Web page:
After two years at GW I’ve dealt with just about every aspect of this University’s bureaucracy. Surpassing financial aid, the registrar, student accounts and even the president’s office, CLLC is by far the most frustrating. This poorly run branch of the GW bureaucracy sometimes is so obsessed with something that they’re blinded to the reality the real world is trying to show them.
I say this in response to a statement made to me earlier this year by Michael Murphy, assistant director of housing services. During my fight to get off campus, Mr. Murphy told me “that living on campus is a privilege.”
Calling GW housing a “privilege” is comparable to calling extortion a favor. Freshmen and sophomores, forced into housing by the Board of Zoning Adjustment, are charged a grand a month for a space that would go for a few hundred in apartment complexes. In the meantime, juniors who want to live on campus are told that, due to the effects of squatters’ rights, they must choose from the senior class’s leftovers.
At $3,350 per semester, West End quads are the cheapest housing on campus. If a semester lasted a full four months they would cost $837.50 a month. A two bedroom at the Envoy is listed as $1,800 a month, if split by the same four students, they would have nicer and more spacious housing, but for $450 a month. To call being overcharged thousands of dollars a year a “privilege” is a little delusional to me; and that’s just the tip of the iceberg.
This year students are getting more “privileges.” Rising sophomore Katia Thomas, for example, is being forced to live on Mount Vernon for the second year in a row. Roommate Marisa Workman had the following to say: “Students don’t come to GW to live on Mount Vernon. They come for the urban atmosphere that GW advertises. Being forced to live on the Vern, especially two years in a row, is ridiculous.” She’s right, it is ridiculous. Some students may choose to live on the Vern, but for most it’s seen as an undesirable housing situation left for freshmen. The fact that this year’s juniors are being forced onto the Vern or off campus is outrageous.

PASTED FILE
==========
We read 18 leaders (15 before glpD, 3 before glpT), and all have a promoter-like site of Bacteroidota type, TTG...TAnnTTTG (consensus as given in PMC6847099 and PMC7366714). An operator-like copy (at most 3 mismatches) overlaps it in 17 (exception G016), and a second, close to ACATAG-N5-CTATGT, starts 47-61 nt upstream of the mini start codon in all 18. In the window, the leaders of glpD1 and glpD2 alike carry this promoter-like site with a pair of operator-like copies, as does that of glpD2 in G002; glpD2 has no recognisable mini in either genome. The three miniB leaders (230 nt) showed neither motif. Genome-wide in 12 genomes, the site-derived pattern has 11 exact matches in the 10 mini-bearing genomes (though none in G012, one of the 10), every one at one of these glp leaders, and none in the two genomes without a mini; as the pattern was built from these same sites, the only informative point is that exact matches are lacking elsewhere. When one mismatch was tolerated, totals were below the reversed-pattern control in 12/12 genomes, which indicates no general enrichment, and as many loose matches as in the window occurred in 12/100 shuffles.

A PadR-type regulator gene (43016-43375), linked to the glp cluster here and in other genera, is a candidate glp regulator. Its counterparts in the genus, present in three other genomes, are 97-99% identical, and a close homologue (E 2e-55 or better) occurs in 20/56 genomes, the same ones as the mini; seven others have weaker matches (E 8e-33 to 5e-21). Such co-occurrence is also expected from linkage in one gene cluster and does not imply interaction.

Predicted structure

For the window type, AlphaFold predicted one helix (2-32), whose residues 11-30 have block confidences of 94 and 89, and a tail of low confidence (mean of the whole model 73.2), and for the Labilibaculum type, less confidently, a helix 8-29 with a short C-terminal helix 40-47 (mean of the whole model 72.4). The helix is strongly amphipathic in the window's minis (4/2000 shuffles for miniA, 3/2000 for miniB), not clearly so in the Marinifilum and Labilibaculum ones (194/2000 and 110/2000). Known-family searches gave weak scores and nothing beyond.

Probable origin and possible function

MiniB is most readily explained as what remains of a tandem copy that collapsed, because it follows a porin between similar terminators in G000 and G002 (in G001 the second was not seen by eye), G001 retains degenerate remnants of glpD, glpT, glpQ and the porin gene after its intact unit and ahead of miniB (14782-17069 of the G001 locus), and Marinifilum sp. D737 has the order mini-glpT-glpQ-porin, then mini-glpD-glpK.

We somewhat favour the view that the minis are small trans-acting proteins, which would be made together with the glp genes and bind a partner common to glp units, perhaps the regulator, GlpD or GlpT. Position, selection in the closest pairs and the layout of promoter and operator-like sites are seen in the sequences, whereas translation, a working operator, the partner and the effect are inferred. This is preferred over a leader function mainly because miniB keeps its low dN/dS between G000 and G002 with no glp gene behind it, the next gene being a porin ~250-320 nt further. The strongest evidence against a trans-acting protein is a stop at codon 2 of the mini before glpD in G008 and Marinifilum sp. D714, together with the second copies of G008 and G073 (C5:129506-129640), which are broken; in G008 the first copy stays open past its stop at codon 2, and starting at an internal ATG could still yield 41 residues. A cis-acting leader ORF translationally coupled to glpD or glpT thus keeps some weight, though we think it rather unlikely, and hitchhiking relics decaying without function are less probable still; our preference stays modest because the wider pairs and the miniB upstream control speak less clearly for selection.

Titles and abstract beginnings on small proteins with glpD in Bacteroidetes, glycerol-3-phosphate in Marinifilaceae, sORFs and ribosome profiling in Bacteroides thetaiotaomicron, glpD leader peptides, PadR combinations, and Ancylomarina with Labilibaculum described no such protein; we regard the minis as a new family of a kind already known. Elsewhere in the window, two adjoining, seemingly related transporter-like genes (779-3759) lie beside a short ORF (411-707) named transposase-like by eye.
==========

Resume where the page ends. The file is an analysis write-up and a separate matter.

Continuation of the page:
The reason that juniors are winding up on Mount Vernon is that 1957 E St., Ivory Tower, the Aston and New Hall were all filled before junior housing selection even began. Juniors had the “privilege” of picking between Mount Vernon, Strong Hall or City Hall. They were basically forced to pick between unwanted housing and moving off campus.
Director of University Campus Housing Seth Weinshel stated to The Hatchet that changes in the squatters’ rights policies this year were intended to make on-campus housing more attractive to upperclassmen.
With 156 people claiming them, squatters’ rights managed to make the Ivory Tower nearly impossible to get into. Largely as a result of squatters, juniors are losing out with housing this year.
Yet it’s not entirely CLLC’s fault that sophomores and juniors are getting horrible housing options. Part of the blame goes to administrators who keep taking larger classes. Yet, CLLC and the University should have planned contingencies last year in case the amount of students accepting invitations to join the class of 2008 was larger than anticipated. They should also have considered the effect squatters’ rights would have. As a result of their negligence, sophomores and juniors are being given very poor housing options.
CLLC is failing miserably in its job of serving students. While Mr. Weinshel assured me that CLLC is doing its job and will provide housing for those who want it, I think he should just walk through J Street to see how many students carry a dissenting opinion. Maybe then CLLC would understand that “privileges” aren’t supposed to leave people feeling as if they’ve been given the shaft. Until this realization comes around, the four letters in CLLC shall sadly remain appropriate in the hearts and minds of the student body.
-The writer, a sophomore majoring in international affairs, is a Hatchet columnist.